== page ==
Game development and game journalism go hand-in-hand. Some developers start off as game journalists, and others even continue to do both. However, the dynamic between both sides of the industry isn’t always a peaceful one. Reviewers can be cruel, and getting in contact in the hopes of promoting new games can be strenuous.

Because let’s face it, chances are you have reached out to a journalist at some point, in the hopes of getting your game out there to the public. A few articles about your game is all it takes to build up momentum. Depending on the sites, or publications they are found, these press releases might have more of an impact than your social media accounts.

But how do you avoid being sent to the spam folder immediately?

First Impressions: The Subject Line

The first mistake developers make when contacting game journalists is assuming they have the time to open every single email they get in a day. Sorry, you’re not the only team reaching out, and you certainly won’t be the last. Gaming journalism is one thing, above all: demanding. These people receive so many of these emails, if they were to read them all, they’d lose a giant chunk of their busy day.

For this reason, journalists are more inclined to open the ones that sound good before they even open them. The others get discarded to the spam folder, because they didn’t have an interesting subject line.

For instance, consider the following subject line:

[PRESS RELEASE] LiquidSky Launches High Performance Desktop-as-a-Service Solution Making AAA PC Gaming Possible on Most Mobile and Desktop Devices

This could be shortened, but overall, it’s a gripping subject line. The “press release” right from the start signals a press kit is attached. More so, it makes it known that a variety of press is being contacted for this particular game, which ups the stakes. Who will cover it? Should I jump on it, before others do?

Be Polite

Recently, I received an email that literally began in the worst way possible:

Aspiring game developer ______ is one of five playable characters in _____ and _____ new adventure game… and she’s here to warn you about Thimbleweed Park. (Spoiler: In this town, a dead body is the least of your problems.)

Note, the entire greeting is absolutely missing. There is no “hello,” and no “thanks” at the bottom, for that matter. Can you guess what happened to this email? It went to spam.

The next tactic you’d be wise to utilize is good manners. Be super nice, because you win more with honey. Consider all the tasks journalists assign for the day, and the people they interact with. It’s all very much formal, or linear, or directly regarding the work at hand. Very “get this done.” If a developer sends an email that’s above all else, nice, journalists are more inclined to help them out and promote their games.

The best example for this is actually myself. Earlier this year, for GDC 2016, I wrote a press release for several indie games I found to my liking. Out of all the emails in the inbox, I chose the people who were, above all, polite. People who assumed I had time, harassed me by sending me an email every single day, or gave me attitude over my limited availability did not make my list.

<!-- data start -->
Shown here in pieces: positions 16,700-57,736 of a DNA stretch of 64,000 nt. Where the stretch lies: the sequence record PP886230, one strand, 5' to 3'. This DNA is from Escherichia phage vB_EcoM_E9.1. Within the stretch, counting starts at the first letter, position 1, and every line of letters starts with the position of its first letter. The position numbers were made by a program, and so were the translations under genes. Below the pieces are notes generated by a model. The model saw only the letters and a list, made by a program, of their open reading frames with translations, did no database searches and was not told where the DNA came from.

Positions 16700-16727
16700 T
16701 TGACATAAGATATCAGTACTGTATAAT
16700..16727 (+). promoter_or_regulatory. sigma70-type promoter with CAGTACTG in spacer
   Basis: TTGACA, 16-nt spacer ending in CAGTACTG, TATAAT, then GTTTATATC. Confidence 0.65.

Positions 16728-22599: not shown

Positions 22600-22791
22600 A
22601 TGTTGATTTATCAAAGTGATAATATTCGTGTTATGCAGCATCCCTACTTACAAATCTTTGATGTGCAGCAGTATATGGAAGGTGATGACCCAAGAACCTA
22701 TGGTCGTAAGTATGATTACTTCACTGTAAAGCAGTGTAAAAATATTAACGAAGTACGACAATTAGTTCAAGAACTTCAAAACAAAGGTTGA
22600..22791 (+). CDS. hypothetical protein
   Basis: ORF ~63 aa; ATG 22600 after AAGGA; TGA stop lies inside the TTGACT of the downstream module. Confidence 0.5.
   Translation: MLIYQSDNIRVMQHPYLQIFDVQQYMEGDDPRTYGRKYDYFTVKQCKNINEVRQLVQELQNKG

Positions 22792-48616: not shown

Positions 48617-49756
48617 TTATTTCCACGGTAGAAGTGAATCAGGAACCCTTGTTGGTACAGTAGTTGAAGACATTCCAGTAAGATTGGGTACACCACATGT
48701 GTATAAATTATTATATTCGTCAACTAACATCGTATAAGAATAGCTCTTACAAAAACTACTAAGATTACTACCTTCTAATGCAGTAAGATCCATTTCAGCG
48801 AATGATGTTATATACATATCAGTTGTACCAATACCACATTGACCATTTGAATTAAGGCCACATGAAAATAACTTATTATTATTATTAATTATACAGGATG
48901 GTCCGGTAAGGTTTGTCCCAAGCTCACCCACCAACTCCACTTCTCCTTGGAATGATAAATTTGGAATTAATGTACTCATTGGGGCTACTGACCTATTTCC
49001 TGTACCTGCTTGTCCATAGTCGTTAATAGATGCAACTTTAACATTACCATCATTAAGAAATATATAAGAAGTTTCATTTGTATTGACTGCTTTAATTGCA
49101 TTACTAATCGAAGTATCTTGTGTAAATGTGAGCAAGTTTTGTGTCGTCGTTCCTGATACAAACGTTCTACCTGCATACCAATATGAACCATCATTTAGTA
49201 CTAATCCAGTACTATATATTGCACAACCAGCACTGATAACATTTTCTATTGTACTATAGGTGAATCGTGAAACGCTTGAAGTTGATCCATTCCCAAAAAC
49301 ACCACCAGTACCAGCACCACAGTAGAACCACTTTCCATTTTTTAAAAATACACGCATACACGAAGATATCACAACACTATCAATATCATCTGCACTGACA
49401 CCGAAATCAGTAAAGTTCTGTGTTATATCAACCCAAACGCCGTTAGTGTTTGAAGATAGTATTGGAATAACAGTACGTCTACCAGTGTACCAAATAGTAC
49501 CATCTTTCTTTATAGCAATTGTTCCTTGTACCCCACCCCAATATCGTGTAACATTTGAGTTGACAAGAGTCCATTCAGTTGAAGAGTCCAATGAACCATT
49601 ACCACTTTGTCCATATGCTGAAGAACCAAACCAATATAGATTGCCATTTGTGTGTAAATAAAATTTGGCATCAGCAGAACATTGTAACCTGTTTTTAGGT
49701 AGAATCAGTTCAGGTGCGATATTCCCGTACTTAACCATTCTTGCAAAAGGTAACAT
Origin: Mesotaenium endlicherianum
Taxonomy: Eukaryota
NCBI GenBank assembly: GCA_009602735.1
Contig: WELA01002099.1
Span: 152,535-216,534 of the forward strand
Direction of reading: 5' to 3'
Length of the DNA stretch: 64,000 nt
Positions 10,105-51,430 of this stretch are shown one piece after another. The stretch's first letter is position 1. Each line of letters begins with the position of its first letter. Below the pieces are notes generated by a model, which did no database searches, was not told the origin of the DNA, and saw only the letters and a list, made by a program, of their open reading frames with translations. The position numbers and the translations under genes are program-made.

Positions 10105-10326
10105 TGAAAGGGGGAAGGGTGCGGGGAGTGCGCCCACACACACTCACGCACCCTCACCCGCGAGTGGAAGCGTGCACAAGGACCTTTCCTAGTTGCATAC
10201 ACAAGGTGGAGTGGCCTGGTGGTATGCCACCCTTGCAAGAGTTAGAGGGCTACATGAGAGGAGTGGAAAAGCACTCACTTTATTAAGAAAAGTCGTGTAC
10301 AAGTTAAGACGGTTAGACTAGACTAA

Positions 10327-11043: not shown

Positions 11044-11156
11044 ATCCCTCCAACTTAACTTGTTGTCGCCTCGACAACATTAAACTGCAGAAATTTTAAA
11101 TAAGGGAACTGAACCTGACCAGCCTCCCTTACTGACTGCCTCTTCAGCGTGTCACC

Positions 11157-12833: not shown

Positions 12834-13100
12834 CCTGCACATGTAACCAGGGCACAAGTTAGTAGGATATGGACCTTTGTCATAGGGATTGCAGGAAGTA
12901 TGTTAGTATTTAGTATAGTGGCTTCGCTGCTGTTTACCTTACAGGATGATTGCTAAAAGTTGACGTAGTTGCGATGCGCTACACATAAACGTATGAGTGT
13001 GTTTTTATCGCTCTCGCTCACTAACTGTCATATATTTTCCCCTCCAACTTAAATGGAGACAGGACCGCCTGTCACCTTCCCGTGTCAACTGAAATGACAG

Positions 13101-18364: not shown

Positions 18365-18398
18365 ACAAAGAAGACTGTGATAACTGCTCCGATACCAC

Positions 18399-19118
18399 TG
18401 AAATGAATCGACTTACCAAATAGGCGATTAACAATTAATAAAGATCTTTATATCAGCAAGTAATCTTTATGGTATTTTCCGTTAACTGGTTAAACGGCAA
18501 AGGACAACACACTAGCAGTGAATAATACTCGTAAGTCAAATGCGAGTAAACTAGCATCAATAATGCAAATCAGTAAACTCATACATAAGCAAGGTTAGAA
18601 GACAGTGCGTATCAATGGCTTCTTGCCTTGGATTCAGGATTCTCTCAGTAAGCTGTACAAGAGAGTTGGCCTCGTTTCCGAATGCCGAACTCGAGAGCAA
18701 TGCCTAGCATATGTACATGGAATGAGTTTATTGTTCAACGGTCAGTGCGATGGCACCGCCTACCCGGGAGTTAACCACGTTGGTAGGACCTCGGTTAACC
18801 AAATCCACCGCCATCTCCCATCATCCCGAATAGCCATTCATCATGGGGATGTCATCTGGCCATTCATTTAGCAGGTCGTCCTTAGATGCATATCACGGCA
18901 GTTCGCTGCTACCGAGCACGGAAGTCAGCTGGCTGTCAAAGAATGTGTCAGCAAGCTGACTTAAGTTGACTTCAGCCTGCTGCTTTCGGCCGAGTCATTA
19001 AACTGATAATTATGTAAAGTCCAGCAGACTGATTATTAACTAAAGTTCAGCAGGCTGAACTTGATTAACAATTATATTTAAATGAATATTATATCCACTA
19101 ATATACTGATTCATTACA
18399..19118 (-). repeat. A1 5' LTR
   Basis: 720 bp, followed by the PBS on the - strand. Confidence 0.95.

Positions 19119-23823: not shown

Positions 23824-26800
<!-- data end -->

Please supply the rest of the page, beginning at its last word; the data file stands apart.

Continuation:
Keep it Short

Quick, how do you annoy a journalist?

By rambling on about how amazing you, or something you’ve created, is. It’s like a child: every parent thinks their child is Superman. While journalists understand, they don’t have time to read all about it. There would have to be 48 hours in a day!

If you know anything about journalism, the rule of thumb is to keep reports short, because the higher the word count is, the more risk of unnecessary information there is. A press release is only as long as it absolutely has to be. The same would be expected of you, when contacting them. Don’t ramble on and on in the email. Just tell them the good bits, avoid the boring parts, and keep things simple. Short emails are the best emails.

For instance, if you want to write paragraph after paragraph about the game, things that sound like this…

To the northeast, the old hero Stronghold has been reclaimed by the dark forces. Designed as a resource for heroes, yet too far from central town for them to utilize, the stronghold acts as a foothold for enemies. Regardless, many strategic opportunities are available to the heroes that occupy its walls…
The Woods that surround town are home to bountiful resources for its villagers, but they’re also a good place for evil to hide. Several key buildings reside in the woods, and due to their seclusion, are susceptible to raids from enemy forces…

…Please don’t. That’s what the press kit is for. The email needs to introduce the game, and grasp attention, not elaborate and explain all aspects of the game.

Press Kit or Bust

The best tip ever, is to not even try contacting anyone until you have a press kit. If you’re making a game and trying to promote it, you’d be in for an early Doomsday without one. Press kits are your friends.

The best way to go about this is to make a Dropbox file you can easily send to multiple journalists. Items to include are game screenshots (10 to 15 of them), information on gameplay, mechanics, and combat systems, a link to your trailer (should be on YouTube, as well as the game’s official site), and studio facts, with links to both the game and studio sites. This saves so much time – having to research it all for the article.

It’s a Jungle Out There

Game journalism is difficult, something all developers can sympathize with. It’s tedious, demanding, and above all, difficult to find people who tend to stand out above the masses. It’s refreshing when they come across a polite studio that genuinely just wants to share a neat game with them. Press kit ready to go, a captivating subject line to match…There’s just no way you’d end up in a spam folder.

Best of luck!